Although summer is coming to a close, that doesn’t mean that we should ditch our sunscreen. In fact, we BGs need to make our sunscreen usage a year-round routine. Far too often we think that once temps start to dip, it’s ok to skip the SPF.
According to a recent survey conducted by Neutrogena, only 46% of African-American women use sunscreen in comparison to 76% White and 63% of Hispanic women. That’s why actress and Neutrogena spokeswoman, Gabrielle Union, urges us to take our skin’s health more seriously.
“Just because summer is ending, sun-safe behavior should not,” says Union. “Skin cancer is the one cancer that’s preventable, yet it’s still on the rise. I’m glad that I can help Neutrogena educate people by spotlighting common sun protection myths and spreading the word that it doesn’t matter the color of your skin; everyone can get skin cancer.”
Here are a few facts according to Neutrogena and Dr. Darrell Rigel:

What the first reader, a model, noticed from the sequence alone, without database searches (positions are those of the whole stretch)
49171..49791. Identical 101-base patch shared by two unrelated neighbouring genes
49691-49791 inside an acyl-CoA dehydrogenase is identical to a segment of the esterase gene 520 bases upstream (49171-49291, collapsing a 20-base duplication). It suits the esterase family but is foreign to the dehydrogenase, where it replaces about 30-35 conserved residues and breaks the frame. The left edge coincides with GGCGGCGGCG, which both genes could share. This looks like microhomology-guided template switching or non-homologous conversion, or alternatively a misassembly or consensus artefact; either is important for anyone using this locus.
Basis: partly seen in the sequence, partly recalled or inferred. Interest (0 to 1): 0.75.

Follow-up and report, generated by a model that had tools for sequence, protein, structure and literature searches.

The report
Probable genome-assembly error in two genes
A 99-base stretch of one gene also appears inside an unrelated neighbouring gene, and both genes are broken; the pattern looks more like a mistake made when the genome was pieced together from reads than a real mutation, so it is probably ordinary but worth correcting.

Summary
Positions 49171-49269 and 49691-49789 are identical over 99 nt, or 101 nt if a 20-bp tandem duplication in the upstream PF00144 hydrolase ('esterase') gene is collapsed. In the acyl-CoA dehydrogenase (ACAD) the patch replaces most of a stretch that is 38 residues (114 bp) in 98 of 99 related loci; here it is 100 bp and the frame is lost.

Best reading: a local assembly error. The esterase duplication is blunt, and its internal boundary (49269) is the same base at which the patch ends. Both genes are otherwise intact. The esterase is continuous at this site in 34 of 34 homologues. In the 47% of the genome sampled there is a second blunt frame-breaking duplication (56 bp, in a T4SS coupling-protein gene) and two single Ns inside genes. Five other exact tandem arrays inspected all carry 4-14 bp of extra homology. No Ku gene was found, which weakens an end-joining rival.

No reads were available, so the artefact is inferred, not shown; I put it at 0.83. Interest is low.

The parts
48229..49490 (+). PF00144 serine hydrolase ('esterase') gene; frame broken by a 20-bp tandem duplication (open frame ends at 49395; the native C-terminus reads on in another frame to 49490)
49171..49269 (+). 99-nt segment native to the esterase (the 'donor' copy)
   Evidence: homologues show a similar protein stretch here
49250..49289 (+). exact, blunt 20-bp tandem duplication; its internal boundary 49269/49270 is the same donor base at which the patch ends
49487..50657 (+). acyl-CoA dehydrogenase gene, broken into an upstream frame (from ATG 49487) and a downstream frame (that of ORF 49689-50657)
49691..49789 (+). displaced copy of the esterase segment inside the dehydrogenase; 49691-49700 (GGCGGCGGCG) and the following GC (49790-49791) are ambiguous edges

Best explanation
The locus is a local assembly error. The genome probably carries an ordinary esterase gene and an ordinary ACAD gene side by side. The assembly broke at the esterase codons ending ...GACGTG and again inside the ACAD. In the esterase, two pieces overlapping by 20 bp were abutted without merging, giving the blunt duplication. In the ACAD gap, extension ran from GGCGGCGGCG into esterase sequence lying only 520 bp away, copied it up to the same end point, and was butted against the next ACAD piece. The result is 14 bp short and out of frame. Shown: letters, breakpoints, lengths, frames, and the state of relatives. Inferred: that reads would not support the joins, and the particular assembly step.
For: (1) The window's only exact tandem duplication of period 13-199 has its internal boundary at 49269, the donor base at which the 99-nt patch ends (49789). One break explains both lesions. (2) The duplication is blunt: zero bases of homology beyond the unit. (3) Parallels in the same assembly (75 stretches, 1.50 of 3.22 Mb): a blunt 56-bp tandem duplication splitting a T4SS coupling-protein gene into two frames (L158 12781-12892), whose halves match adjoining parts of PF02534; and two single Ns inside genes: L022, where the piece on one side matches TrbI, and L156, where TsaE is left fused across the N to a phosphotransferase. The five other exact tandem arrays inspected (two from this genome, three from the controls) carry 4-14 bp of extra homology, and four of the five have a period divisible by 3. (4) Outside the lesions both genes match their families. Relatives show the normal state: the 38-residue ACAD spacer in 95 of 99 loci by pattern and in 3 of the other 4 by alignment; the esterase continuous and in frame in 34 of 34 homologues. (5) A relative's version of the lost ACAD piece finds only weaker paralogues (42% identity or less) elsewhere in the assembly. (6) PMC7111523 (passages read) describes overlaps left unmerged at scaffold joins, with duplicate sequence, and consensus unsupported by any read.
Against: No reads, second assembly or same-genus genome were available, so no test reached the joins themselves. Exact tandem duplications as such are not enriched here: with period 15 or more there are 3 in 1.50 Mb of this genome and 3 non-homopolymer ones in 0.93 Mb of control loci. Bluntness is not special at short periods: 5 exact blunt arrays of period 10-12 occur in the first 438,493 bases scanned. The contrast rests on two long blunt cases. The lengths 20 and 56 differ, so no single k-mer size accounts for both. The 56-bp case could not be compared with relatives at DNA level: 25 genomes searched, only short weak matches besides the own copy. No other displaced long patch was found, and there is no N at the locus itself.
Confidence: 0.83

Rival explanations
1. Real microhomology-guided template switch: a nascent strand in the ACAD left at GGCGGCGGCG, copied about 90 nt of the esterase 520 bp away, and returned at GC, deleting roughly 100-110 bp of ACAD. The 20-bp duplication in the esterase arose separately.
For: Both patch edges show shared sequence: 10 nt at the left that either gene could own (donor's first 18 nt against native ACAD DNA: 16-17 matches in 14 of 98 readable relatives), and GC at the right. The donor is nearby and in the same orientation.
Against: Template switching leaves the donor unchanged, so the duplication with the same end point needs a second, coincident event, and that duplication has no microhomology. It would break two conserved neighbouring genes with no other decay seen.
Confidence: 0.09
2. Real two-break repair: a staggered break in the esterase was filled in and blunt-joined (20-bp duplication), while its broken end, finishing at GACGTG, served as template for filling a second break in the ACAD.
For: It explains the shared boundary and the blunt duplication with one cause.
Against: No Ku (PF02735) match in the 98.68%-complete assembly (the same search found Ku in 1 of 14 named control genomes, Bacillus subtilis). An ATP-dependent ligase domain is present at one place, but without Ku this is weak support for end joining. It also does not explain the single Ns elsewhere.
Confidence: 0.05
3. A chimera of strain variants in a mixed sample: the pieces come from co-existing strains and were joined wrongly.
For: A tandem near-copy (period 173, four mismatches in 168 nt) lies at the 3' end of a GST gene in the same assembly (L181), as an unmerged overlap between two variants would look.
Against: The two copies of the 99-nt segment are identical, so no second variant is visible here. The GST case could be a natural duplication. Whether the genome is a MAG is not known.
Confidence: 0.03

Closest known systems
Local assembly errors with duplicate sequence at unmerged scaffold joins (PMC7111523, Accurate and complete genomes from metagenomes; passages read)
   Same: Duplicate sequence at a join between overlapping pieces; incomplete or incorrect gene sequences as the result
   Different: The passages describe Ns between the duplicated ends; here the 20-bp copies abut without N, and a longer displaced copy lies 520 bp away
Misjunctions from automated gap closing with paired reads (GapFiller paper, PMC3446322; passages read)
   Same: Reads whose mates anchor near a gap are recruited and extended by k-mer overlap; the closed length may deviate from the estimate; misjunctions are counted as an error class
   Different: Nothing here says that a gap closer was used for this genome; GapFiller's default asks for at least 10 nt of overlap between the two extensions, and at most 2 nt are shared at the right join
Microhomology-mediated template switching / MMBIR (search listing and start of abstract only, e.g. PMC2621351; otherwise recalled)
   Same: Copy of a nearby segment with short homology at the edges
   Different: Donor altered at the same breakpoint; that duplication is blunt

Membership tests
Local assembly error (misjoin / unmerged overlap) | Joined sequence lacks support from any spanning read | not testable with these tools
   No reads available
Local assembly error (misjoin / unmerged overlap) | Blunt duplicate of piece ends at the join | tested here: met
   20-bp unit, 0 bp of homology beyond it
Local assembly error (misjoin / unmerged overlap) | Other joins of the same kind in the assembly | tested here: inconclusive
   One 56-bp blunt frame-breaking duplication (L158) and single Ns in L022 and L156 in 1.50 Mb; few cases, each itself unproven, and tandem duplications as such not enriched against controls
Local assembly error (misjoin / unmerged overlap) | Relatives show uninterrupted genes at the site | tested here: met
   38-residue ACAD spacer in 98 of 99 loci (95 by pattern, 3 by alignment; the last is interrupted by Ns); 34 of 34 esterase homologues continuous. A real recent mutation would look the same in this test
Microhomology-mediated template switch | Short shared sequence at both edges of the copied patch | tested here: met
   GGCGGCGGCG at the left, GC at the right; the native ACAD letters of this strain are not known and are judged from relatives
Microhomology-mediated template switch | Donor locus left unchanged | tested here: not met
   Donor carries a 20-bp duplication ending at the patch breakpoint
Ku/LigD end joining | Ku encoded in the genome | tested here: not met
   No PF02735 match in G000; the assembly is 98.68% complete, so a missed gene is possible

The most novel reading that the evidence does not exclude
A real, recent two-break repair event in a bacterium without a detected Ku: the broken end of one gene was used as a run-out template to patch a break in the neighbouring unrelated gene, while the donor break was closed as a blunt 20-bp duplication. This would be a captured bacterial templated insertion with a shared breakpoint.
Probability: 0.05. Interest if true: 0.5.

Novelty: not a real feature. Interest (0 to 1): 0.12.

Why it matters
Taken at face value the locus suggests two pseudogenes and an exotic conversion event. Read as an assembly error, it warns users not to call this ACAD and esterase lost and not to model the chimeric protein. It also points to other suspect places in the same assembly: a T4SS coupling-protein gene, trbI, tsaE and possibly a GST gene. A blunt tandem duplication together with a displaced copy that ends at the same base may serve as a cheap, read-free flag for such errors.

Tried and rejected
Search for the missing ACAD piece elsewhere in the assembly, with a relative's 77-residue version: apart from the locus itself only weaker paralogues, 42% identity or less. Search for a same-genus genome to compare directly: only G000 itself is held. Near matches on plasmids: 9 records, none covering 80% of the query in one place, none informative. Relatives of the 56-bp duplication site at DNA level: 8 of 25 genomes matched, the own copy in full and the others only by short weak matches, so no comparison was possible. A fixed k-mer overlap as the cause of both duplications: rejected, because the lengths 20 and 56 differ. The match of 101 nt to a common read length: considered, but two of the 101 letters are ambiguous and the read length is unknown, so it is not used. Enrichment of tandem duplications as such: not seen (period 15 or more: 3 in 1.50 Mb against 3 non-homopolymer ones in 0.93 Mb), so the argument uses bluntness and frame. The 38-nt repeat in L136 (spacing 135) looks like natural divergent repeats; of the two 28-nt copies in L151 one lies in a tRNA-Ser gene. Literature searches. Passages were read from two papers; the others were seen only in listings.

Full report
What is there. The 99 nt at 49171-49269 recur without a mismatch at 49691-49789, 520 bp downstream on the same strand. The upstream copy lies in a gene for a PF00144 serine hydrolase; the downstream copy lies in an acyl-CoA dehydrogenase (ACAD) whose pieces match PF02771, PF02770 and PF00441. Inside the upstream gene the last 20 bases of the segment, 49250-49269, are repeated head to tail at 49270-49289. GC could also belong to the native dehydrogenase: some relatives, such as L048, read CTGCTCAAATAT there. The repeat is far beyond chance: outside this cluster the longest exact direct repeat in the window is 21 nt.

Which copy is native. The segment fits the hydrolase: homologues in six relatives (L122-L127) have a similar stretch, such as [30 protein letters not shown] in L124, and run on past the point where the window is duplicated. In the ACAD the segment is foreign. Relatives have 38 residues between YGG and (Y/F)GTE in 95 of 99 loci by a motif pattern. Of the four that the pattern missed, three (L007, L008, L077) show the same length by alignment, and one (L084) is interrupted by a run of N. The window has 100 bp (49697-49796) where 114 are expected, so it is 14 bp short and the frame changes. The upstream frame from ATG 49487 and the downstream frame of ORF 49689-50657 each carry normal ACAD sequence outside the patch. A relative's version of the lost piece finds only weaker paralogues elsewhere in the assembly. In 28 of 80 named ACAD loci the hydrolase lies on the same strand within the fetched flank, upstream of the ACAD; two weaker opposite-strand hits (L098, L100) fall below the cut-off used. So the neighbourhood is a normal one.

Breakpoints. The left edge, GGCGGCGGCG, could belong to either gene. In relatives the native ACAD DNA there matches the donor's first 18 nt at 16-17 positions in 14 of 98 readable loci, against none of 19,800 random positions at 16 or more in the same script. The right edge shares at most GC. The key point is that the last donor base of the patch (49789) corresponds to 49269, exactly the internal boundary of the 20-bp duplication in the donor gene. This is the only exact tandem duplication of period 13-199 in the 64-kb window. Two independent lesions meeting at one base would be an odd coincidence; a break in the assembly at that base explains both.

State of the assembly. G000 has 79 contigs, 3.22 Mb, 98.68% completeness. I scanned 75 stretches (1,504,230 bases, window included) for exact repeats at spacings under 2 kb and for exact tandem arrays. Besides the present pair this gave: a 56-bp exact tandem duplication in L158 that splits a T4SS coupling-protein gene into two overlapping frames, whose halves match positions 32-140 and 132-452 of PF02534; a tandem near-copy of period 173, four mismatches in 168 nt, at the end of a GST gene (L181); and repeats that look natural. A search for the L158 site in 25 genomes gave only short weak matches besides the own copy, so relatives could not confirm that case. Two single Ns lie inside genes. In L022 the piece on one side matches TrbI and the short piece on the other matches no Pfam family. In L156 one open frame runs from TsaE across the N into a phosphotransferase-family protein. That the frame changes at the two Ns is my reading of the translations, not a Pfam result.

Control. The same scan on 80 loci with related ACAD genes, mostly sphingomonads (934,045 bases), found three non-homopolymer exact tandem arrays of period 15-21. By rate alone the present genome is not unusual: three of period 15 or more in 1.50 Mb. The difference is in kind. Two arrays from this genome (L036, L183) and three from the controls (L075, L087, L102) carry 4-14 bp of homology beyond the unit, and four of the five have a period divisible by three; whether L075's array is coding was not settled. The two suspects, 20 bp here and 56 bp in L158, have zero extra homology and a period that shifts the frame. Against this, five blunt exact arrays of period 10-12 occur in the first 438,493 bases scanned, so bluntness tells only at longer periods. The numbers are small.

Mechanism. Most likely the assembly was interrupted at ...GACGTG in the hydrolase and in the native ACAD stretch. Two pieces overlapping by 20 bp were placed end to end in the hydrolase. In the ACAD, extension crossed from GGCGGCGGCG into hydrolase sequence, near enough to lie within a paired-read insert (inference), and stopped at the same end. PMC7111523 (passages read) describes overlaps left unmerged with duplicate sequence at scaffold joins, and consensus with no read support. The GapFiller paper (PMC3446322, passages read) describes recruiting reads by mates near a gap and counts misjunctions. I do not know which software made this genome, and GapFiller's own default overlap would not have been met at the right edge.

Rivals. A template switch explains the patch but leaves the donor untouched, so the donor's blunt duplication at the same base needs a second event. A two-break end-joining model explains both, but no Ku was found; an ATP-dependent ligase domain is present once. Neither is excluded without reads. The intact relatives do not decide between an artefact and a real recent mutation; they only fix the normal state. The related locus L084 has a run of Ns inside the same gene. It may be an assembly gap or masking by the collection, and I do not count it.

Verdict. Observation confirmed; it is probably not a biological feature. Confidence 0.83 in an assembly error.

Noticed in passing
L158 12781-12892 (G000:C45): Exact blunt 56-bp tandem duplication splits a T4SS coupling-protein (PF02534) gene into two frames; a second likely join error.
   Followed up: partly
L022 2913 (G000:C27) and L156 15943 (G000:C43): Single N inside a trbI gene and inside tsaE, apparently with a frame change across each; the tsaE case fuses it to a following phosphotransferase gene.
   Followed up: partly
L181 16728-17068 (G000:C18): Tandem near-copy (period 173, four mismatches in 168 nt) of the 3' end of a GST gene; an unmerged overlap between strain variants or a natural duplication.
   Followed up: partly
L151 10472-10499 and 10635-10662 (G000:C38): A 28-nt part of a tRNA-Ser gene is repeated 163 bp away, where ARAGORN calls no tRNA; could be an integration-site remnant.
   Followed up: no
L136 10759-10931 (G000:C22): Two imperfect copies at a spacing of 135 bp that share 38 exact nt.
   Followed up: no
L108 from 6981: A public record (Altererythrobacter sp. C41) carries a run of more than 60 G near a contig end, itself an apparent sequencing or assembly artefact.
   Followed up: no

Cases of skin cancer in people with darker skin are often not detected until later stages, when it is more dangerous. The overall melanoma survival rate for African Americans is only 77 percent, versus 91 percent for Caucasians.
Sun’s harmful rays are as deadly during the colder seasons as they are during summer. In fact, even under cloud cover, it is possible for the sun to harm your skin and eyes, so it is important to protect yourself with sunscreen, sunglasses and protective clothing even in cloudy weather.
Melanoma is the most common form of cancer in young adults aged 25 to 29. It is also increasing faster in women ages 15 to 29 than in men of the same age group.
Do you forget to wear sunscreen during the cooler seasons?